Posts Tagged ‘Zen And The Art Of Motorcycle Maintenance’

Forrest Gumption

March 16, 2013 4 comments

A gumption trap is an event or mindset that can cause a person to lose enthusiasm and become discouraged from starting or continuing a project. – Wikipedia

Some people credit Robert Pirsig with coining the term “gumption trap“. In his inimitable book, “Zen And The Art Of Motorcycle Maintenance“, he wrote a brilliant section classifying, listing, and explaining a gaggle of gumption traps. Two in particular stood out to BD00: anxiety and boredom.


You’re so sure you’ll do everything wrong you’re afraid to do anything at all. Often this, rather than “laziness,” is the real reason you find it hard to get started. This gumption trap of anxiety, which results from overmotivation, can lead to all kinds of errors of excessive fussiness. You fix things that don’t need fixing, and chase after imaginary ailments. You jump to wild conclusions and build all kinds of errors into the machine software because of your own nervousness. These errors, when made, tend to confirm your original underestimation of yourself. This leads to more errors, which lead to more underestimation, in a self-stoking cycle. The best way to break this cycle, I think, is to work out your anxieties on paper. Read every book and magazine you can on the subject. Your anxiety makes this easy and the more you read the more you calm down. You should remember that it’s peace of mind you’re after and not just a fixed machine high quality software. When beginning a repair job you can list everything you’re going to do on little slips of paper which you then organize into proper sequence. You discover that you organize and then reorganize the sequence again and again as more and more ideas come to you. The time spent this way usually more than pays for itself in time saved on the machine project and prevents you from doing fidgety things that create problems later on.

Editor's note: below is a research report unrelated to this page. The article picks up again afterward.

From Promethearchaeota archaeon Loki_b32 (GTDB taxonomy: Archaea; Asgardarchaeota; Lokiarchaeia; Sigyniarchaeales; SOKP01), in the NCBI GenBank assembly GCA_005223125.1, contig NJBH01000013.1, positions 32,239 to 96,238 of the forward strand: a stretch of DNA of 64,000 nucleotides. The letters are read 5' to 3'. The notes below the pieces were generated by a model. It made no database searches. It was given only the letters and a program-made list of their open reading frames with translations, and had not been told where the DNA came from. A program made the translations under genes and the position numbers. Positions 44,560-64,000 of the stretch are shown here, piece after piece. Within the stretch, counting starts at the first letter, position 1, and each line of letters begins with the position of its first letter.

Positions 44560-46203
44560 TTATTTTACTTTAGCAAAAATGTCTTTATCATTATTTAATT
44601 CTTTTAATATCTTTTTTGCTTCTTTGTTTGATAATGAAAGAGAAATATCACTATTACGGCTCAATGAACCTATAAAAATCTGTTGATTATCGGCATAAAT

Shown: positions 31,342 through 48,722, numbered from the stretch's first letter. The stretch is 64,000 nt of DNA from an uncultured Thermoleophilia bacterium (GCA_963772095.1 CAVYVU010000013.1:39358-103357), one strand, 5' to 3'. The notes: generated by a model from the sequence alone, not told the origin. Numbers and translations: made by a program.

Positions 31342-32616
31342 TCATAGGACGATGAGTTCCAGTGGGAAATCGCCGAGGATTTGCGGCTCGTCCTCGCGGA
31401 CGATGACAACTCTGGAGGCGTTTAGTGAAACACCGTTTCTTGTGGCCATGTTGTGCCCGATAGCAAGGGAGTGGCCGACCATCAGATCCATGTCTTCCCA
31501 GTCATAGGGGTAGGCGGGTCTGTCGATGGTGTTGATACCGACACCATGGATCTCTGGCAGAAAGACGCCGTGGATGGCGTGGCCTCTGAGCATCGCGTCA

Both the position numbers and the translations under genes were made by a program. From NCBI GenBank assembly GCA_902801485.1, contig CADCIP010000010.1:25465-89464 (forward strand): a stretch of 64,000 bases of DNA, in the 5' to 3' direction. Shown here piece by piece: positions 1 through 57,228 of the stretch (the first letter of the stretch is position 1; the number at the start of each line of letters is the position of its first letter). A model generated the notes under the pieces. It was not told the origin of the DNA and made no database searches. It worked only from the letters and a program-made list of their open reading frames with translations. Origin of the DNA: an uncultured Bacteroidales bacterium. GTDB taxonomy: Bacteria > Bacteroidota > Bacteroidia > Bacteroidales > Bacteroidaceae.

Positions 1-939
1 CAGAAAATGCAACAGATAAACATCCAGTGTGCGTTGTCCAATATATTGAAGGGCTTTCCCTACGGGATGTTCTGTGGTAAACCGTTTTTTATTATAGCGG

Boredom is the opposite of anxiety and commonly goes with ego problems. Boredom means you’re off the Quality track, you’re not seeing things freshly, you’ve lost your “beginner’s mind” and your motorcycle project is in great danger. Boredom means your gumption supply is low and must be replenished before anything else is done.

BD00 gets ensnared in the anxiety-gumption-trap whenever he finds himself marooned inside his head ruminating over a concern. On the other hand, BD00 rarely gets caught up in the boredom-gumption-trap. Not because he’s conquered his big, fat, ego, but because his curiosity and longing for understanding never wanes. He can’t even remember the last time he was bored. And to BD00, that’s a good thing.

How about you, dear reader? Which of these diametrically opposed gumption traps are you most susceptible to?


Motorcycle And Software Maintenance

February 17, 2013 1 comment

Robert Pirsig’sZen And The Art Of Motorcycle Maintenance” is one of my fave books of all time. I have a soft cover copy that I bought in the nineties. Because of its infinite depth and immersive pull, I’ve read it at least three times over the years. Thus, when sent me a recommendation for the kindle version of it for $2.99, I jumped at the chance to e-read it and capture some personally meaningful notes from it.